“I remember being in Riau, in Sumatra, during the large forest fires in the 1990s, when I witnessed the impacts of deforestation and how climate had changed so much. The landscape was hot and barren. Being in the middle of it was a galvanizing moment,” said Arief Rabik in a conversation with Climate Breakthrough on what inspired his environmentalism.
Arief followed in the footsteps of his mother, Linda Garland, who was a pioneer in the global development of the bamboo industry.
Restore degraded lands in Indonesia with bamboo agroforestry while creating large markets for bamboo to replace high-carbon materials in the food, textile, construction, and wood industries.
His connection with bamboo started at an early age and grew even stronger as he started to get involved in some of Linda’s projects. From then on, Arief has made himself an environmental scientist in his own right with, up to now, over two decades of experience in bamboo forest management and bamboo-based industry.
Energetic, strategic, persistent, and a good coalition builder, Arief is as capable and comfortable getting his hands dirty helping local producers on the ground as he is working with corporate leaders in the boardroom and politicians in national capitals.
As then director of Indonesia’s Environmental Bamboo Foundation, Arief initiated the 1000 Bamboo Villages project to initiate a forest-to-factory system by establishing village-level bamboo nurseries, to standardize agroforestry practices, and to create economic incentives that facilitate the expansion of bamboo markets and the restoration economy.
He received a Climate Breakthrough Award in 2019—the first awardee focused on land use—to support the expansion of that ambitious climate action. This was important because Indonesia is the world’s biggest palm oil producer and exporter, with the sector being a major driver of deforestation in the country for the past twenty years.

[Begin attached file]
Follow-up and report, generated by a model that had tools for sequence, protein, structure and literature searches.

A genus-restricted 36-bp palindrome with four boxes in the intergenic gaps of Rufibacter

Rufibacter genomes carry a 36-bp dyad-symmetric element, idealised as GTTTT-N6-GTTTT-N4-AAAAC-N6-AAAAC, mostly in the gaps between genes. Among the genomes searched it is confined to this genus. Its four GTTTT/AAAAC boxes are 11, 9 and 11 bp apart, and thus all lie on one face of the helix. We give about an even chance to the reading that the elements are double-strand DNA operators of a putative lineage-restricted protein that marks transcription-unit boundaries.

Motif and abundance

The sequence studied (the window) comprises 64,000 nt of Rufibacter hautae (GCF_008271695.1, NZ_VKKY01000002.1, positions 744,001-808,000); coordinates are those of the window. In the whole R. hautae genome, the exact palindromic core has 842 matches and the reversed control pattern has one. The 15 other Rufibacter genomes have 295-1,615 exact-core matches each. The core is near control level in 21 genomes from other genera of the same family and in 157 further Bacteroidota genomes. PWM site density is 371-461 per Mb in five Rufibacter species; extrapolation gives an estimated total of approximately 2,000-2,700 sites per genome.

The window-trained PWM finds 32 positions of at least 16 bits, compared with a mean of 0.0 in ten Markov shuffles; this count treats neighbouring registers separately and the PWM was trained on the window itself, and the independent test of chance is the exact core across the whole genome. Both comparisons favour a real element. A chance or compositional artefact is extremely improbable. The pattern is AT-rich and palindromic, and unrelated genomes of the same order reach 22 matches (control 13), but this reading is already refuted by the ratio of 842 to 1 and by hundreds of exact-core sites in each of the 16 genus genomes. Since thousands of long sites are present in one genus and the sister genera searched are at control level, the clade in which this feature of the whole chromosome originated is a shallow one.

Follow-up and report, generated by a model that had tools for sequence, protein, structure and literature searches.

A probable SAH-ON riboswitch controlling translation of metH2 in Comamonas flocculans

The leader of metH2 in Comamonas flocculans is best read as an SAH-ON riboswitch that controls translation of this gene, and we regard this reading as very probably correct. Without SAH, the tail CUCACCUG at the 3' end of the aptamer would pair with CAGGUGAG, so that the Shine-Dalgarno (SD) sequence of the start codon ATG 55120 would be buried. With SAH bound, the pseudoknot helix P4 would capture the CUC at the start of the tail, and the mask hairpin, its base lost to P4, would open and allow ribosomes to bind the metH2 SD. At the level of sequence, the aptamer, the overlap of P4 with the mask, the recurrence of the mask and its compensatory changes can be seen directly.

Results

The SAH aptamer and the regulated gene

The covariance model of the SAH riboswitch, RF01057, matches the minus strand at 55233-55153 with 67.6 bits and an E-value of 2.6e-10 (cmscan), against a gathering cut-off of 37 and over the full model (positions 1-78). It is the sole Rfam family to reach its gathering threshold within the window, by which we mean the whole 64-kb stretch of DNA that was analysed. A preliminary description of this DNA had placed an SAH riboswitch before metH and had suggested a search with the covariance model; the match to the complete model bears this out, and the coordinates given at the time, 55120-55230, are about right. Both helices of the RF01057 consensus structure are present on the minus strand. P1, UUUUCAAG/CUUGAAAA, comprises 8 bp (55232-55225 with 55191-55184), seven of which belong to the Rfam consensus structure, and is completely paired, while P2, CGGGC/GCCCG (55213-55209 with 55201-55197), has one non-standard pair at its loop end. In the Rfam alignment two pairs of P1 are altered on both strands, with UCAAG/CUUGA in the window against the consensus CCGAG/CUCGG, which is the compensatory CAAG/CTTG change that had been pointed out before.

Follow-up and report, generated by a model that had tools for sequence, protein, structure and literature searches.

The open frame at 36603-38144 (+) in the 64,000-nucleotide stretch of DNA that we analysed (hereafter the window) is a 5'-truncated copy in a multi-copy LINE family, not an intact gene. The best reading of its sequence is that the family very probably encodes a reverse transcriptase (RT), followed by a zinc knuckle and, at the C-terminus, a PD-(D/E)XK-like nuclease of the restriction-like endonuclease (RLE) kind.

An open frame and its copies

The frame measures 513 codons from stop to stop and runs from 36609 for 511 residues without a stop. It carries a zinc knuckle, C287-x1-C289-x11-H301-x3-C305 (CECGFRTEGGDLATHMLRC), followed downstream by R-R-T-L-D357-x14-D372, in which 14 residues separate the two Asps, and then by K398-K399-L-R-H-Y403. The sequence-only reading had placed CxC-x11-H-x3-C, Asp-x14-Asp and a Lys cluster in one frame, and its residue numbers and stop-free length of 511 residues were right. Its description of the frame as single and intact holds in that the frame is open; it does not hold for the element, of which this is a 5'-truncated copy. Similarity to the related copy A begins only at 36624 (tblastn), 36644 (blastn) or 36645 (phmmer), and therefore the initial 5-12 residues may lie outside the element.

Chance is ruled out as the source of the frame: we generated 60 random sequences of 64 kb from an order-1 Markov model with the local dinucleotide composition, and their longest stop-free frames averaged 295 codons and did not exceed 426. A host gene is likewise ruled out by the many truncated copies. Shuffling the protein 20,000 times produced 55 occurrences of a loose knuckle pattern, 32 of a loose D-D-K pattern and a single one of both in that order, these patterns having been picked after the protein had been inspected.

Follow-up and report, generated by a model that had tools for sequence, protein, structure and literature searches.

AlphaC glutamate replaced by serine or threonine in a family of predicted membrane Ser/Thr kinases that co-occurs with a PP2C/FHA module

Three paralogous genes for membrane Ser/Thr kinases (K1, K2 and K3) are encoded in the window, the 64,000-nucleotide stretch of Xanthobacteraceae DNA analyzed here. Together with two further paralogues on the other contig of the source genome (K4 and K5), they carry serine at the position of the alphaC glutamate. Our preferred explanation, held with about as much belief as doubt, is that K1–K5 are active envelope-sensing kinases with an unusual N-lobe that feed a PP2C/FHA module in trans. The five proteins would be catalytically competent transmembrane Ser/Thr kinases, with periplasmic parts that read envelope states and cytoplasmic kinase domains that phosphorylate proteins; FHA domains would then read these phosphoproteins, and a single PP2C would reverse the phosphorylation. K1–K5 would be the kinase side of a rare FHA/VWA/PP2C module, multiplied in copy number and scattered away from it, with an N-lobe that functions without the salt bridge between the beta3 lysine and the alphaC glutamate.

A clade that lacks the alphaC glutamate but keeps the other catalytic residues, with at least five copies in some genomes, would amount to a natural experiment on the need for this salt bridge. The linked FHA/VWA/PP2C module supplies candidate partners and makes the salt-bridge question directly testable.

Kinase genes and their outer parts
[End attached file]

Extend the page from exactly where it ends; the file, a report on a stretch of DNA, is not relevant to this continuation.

In 2023, Arief launched a new platform called the Bamboo Village Trust as a charity to absorb donor and philanthropic contributions toward bamboo villages. The initiative also works to create a cluster of bamboo ambassadors—respected community members who can gather and motivate their fellow villagers to develop social forestry assets and form bamboo cooperatives.
“Our experience has shown that champions like them are essential in turning bamboo villages from a vision into a successful landscape restoration enterprise,” said Arief.
To further strengthen his effort, he is partnering with the UN Decade on Ecosystem Restoration, of which he is an Advisory Board member. Through this collaboration, he aims to enable the establishment of 200 bamboo villages across the equatorial belt by 2029, including 100 in Indonesia.